Novel Screening System

Novel Screening System Developed By Kyoto University To Study Sperm Quality, Potential Breakthroughs In Male Contraception And Fertility Treatments


Kyoto University researchers have developed an innovative screening system that allows in-depth molecular-level investigations into sperm cell development and health. Led by Professor Jun Suzuki of the Institute for Integrated Cell-Material Sciences (iCeMS), a recent study published in Cell Genomics has introduced a groundbreaking method for directly targeting genes within testicular cells within living organisms.

Employing a genetic tool known as CRISPR, likened to genetic scissors, the researchers have pioneered a technique to explore the genes responsible for healthy sperm production within live animals. Conventionally, such studies were carried out on cells cultured in laboratories. The researchers disrupted genes randomly, introducing a collection of genetic tools in lentivirus into testicular cells in testes with high precision.

Through this cutting-edge approach, the team has been able to analyze the impact of targeted genes on specific biochemical reactions in sperm cells, such as lipid movement in cell membranes. The researchers specifically focused on sperm exhibiting defective capacitation, a critical process enabling sperm cells to fertilize eggs, identified by measuring calcium absorption levels. This study method facilitated the identification of a crucial gene, Rd3, vital for maintaining sperm cell health, particularly during sperm cell development.

Although Rd3 is traditionally linked to eye function, the researchers found high activity levels in round sperm cells, a premature stage in sperm production, indicating its significant role in regulating sperm health. The exploration of Rd3’s interaction with mitochondria, the cells’ energy production units, unveiled its importance in sperm integrity maintenance during development. To deepen the understanding of Rd3’s function, Suzuki and his team developed the computational tool Hub-Explorer, revealing its impact on oxidative stress regulation, a condition associated with cellular damage.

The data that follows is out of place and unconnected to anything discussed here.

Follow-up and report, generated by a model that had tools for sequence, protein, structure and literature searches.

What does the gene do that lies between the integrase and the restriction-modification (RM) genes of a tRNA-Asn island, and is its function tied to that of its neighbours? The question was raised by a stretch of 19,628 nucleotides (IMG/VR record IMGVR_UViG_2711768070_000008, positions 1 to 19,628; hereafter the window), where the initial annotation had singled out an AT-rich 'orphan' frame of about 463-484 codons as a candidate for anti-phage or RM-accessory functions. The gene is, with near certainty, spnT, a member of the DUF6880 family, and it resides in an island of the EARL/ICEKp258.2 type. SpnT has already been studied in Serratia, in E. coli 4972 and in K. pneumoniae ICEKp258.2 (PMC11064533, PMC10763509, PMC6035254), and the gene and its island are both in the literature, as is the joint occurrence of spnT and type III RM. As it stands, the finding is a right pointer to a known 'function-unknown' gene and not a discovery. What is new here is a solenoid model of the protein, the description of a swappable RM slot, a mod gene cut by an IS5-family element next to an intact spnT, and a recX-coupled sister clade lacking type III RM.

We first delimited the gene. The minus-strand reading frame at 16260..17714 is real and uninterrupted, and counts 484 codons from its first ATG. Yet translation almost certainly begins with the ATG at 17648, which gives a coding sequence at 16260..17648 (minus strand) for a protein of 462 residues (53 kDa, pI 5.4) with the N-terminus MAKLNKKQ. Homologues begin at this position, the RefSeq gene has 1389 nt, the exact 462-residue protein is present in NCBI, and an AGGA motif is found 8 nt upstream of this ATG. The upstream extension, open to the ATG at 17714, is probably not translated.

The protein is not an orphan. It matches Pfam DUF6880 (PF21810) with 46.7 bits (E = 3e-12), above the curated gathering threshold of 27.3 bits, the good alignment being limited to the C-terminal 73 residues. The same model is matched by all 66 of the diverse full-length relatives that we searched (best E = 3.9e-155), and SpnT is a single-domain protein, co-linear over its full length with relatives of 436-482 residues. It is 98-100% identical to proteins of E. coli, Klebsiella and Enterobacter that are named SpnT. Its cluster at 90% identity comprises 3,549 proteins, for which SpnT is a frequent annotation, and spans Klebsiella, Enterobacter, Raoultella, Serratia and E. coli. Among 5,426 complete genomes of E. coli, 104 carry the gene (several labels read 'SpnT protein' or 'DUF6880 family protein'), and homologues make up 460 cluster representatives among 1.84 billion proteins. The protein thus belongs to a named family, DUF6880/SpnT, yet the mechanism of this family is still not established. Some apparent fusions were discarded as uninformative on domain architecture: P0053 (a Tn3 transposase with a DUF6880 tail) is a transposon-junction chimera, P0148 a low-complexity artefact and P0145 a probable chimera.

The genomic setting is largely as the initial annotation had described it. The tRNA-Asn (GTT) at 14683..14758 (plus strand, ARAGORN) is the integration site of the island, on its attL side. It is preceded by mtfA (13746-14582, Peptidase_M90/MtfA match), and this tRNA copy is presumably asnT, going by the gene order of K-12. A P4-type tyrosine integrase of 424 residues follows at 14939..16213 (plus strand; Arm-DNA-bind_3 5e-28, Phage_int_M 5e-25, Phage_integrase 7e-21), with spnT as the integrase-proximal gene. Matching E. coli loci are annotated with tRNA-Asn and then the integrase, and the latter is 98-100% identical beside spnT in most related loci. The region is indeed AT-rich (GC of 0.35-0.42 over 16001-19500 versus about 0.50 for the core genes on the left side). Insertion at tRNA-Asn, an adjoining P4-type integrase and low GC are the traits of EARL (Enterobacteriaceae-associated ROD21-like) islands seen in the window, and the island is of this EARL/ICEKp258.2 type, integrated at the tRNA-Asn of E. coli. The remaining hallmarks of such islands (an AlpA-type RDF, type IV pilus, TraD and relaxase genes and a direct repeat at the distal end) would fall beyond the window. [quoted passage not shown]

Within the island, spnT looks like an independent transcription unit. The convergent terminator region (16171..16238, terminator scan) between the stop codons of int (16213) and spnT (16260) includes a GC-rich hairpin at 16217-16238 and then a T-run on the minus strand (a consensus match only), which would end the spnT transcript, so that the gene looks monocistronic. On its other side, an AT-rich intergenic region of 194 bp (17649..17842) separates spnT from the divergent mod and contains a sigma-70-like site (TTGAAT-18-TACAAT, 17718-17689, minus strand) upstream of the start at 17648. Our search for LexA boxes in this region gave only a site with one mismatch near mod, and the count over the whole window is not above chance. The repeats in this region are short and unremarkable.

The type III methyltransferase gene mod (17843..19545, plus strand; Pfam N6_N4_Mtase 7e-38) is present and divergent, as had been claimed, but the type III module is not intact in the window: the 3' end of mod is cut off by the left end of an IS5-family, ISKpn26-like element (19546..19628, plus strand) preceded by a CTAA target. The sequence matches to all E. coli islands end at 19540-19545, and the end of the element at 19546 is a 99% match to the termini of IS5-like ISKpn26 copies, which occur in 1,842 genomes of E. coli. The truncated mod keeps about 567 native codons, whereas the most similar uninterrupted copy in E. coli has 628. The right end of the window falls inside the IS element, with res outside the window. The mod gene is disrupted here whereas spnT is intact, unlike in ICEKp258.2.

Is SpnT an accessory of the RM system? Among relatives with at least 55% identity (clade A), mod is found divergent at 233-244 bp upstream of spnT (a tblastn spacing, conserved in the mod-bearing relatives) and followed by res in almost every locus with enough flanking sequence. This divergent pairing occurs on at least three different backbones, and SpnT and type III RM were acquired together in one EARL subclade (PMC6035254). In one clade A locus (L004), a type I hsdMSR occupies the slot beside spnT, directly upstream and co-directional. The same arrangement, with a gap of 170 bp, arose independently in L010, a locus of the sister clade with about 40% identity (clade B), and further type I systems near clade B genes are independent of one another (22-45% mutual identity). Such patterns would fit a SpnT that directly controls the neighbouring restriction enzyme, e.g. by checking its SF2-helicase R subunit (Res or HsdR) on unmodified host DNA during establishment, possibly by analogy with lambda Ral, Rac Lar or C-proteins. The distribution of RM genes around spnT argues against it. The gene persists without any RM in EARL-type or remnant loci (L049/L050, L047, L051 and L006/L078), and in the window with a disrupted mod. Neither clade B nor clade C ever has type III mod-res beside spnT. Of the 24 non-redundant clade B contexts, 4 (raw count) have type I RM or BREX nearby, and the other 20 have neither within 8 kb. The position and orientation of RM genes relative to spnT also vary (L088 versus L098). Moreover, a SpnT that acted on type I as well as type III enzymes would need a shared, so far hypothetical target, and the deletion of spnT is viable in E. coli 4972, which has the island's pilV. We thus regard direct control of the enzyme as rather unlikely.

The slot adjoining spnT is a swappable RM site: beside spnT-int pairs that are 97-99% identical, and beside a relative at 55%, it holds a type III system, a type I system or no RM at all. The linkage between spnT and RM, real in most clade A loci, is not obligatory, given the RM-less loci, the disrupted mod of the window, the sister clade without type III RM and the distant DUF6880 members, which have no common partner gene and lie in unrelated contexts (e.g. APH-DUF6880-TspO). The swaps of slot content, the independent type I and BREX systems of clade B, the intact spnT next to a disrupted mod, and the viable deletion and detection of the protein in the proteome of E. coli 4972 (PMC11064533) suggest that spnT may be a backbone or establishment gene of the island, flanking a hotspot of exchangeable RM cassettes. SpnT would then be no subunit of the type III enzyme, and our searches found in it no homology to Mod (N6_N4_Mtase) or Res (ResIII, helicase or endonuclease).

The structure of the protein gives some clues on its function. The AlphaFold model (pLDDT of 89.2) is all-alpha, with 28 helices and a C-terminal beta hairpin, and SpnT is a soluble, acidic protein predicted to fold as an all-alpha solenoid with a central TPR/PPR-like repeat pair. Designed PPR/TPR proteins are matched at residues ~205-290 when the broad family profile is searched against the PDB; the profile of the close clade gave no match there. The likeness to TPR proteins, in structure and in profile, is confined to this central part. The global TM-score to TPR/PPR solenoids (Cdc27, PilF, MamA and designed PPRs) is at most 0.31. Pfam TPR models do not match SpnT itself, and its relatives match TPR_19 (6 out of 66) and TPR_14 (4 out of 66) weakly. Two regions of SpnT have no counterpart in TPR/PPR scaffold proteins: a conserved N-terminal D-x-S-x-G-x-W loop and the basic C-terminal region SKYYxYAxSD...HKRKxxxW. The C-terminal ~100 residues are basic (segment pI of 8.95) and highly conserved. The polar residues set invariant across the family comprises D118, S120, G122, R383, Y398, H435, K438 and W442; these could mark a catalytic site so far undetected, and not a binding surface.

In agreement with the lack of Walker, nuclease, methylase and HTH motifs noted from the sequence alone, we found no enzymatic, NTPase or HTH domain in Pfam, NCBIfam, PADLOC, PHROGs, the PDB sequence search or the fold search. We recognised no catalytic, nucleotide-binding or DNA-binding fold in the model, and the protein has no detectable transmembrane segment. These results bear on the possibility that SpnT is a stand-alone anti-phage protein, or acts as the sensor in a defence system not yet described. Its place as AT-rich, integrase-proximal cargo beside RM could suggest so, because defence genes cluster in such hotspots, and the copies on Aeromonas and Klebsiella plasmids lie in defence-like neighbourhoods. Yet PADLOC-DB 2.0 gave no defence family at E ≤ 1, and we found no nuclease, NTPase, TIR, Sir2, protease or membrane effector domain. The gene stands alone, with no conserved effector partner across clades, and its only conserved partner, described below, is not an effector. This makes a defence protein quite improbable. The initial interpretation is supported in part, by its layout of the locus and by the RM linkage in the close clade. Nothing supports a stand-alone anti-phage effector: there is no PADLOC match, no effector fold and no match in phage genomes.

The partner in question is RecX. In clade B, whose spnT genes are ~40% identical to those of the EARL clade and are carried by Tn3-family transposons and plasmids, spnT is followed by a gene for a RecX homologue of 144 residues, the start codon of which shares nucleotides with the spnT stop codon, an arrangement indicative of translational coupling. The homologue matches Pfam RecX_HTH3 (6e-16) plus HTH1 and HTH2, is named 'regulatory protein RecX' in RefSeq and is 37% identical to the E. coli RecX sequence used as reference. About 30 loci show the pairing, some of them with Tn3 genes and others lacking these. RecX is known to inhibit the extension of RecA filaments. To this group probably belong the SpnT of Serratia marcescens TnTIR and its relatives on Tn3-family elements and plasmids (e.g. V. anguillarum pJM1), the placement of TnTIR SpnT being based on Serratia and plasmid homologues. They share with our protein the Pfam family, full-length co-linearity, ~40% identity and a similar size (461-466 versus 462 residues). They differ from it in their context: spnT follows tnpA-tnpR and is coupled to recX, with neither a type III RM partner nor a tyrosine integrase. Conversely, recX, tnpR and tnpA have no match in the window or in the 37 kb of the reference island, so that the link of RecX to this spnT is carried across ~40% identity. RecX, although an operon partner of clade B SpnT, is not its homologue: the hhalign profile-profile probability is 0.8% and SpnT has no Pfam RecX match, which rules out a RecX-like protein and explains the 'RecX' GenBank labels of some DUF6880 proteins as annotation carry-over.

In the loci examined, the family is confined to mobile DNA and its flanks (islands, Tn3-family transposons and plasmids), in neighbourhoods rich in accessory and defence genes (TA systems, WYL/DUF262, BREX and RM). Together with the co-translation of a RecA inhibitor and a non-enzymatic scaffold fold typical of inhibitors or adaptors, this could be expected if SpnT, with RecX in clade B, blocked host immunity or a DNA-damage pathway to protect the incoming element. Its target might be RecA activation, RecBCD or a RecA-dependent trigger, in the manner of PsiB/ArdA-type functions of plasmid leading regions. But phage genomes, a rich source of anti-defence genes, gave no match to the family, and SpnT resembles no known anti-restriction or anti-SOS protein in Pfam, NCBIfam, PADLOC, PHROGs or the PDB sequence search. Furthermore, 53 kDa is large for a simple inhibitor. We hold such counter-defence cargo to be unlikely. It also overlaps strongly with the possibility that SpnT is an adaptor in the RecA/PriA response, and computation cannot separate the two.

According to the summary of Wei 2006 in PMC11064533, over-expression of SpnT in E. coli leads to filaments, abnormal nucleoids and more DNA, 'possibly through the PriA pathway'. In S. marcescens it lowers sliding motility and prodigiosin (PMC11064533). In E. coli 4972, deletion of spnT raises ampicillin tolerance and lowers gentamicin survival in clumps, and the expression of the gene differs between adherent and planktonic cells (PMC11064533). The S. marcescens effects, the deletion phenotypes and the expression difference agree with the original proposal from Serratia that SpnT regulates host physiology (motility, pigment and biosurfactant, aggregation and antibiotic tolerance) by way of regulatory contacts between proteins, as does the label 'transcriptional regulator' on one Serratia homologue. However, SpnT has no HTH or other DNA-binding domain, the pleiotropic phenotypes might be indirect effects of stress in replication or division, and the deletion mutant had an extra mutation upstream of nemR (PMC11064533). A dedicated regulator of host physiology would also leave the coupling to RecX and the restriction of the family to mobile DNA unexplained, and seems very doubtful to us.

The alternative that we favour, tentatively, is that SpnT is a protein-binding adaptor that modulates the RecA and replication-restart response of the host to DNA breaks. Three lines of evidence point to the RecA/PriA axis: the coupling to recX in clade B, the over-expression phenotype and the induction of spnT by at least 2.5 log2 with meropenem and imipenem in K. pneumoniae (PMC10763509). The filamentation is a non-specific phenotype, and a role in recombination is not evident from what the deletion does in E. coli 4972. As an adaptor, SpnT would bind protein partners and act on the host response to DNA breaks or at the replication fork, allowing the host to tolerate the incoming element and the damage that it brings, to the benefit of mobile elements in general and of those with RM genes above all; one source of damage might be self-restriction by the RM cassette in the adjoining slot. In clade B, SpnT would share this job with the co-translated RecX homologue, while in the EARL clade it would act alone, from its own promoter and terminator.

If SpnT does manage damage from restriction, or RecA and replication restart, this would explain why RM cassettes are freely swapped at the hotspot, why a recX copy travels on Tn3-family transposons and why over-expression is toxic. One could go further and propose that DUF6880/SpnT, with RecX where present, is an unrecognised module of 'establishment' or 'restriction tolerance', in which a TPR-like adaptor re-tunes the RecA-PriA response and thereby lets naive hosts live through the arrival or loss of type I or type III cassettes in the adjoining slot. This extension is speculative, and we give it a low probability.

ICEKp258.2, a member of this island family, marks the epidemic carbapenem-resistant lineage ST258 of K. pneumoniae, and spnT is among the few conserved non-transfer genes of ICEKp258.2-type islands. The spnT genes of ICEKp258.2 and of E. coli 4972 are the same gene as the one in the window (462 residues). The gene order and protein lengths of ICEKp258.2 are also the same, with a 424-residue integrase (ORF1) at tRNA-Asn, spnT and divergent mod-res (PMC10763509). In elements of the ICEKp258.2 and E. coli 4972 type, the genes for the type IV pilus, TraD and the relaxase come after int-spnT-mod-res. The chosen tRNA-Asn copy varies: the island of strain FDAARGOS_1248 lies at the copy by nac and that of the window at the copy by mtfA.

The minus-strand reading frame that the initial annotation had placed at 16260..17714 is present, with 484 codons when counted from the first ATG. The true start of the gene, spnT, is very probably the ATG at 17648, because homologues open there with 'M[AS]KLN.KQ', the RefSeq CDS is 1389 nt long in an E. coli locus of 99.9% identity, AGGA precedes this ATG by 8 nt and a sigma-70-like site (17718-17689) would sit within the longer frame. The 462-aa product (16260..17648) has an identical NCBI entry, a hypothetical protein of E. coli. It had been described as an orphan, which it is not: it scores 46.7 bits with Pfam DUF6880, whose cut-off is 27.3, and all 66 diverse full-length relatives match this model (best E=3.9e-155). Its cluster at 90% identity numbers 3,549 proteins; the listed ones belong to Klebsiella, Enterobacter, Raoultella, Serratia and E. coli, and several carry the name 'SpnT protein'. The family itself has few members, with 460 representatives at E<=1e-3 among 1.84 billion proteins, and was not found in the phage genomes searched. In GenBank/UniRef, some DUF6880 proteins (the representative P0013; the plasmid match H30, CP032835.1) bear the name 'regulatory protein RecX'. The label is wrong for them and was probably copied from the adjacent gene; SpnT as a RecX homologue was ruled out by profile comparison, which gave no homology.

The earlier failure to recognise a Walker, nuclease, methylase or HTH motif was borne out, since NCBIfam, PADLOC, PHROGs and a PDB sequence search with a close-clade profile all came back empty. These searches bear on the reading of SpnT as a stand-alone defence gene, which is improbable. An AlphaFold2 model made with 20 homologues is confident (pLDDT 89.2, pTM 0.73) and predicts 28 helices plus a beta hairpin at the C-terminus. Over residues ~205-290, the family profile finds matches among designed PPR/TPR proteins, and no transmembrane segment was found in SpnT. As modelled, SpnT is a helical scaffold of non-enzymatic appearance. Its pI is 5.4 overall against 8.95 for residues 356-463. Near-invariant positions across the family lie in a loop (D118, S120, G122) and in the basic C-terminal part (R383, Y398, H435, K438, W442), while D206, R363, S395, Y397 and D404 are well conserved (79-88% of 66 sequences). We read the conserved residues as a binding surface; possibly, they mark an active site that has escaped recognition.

The study’s lead author, Noguchi, emphasizes the limited contraception options available to men compared to women and underscores the potential of this new screening method in discovering pivotal molecules that could lead to groundbreaking birth control solutions and infertility therapies for men.

Suzuki highlights that these findings not only advance the comprehension of sperm cell development but also shed light on potential breakthroughs in various biological processes. The developed method holds great promise for expedited drug development to address a wide array of diseases by extending its application to other tissues.

Despite the progress achieved, challenges still persist, particularly in the observed gradual decline of cells with targeted genes. The researchers are actively exploring alternative strategies to enhance the method’s efficacy while planning its application to investigate diverse biological processes and diseases across different bodily regions.

1. Source: Coherent Market Insights, Public sources, Desk research
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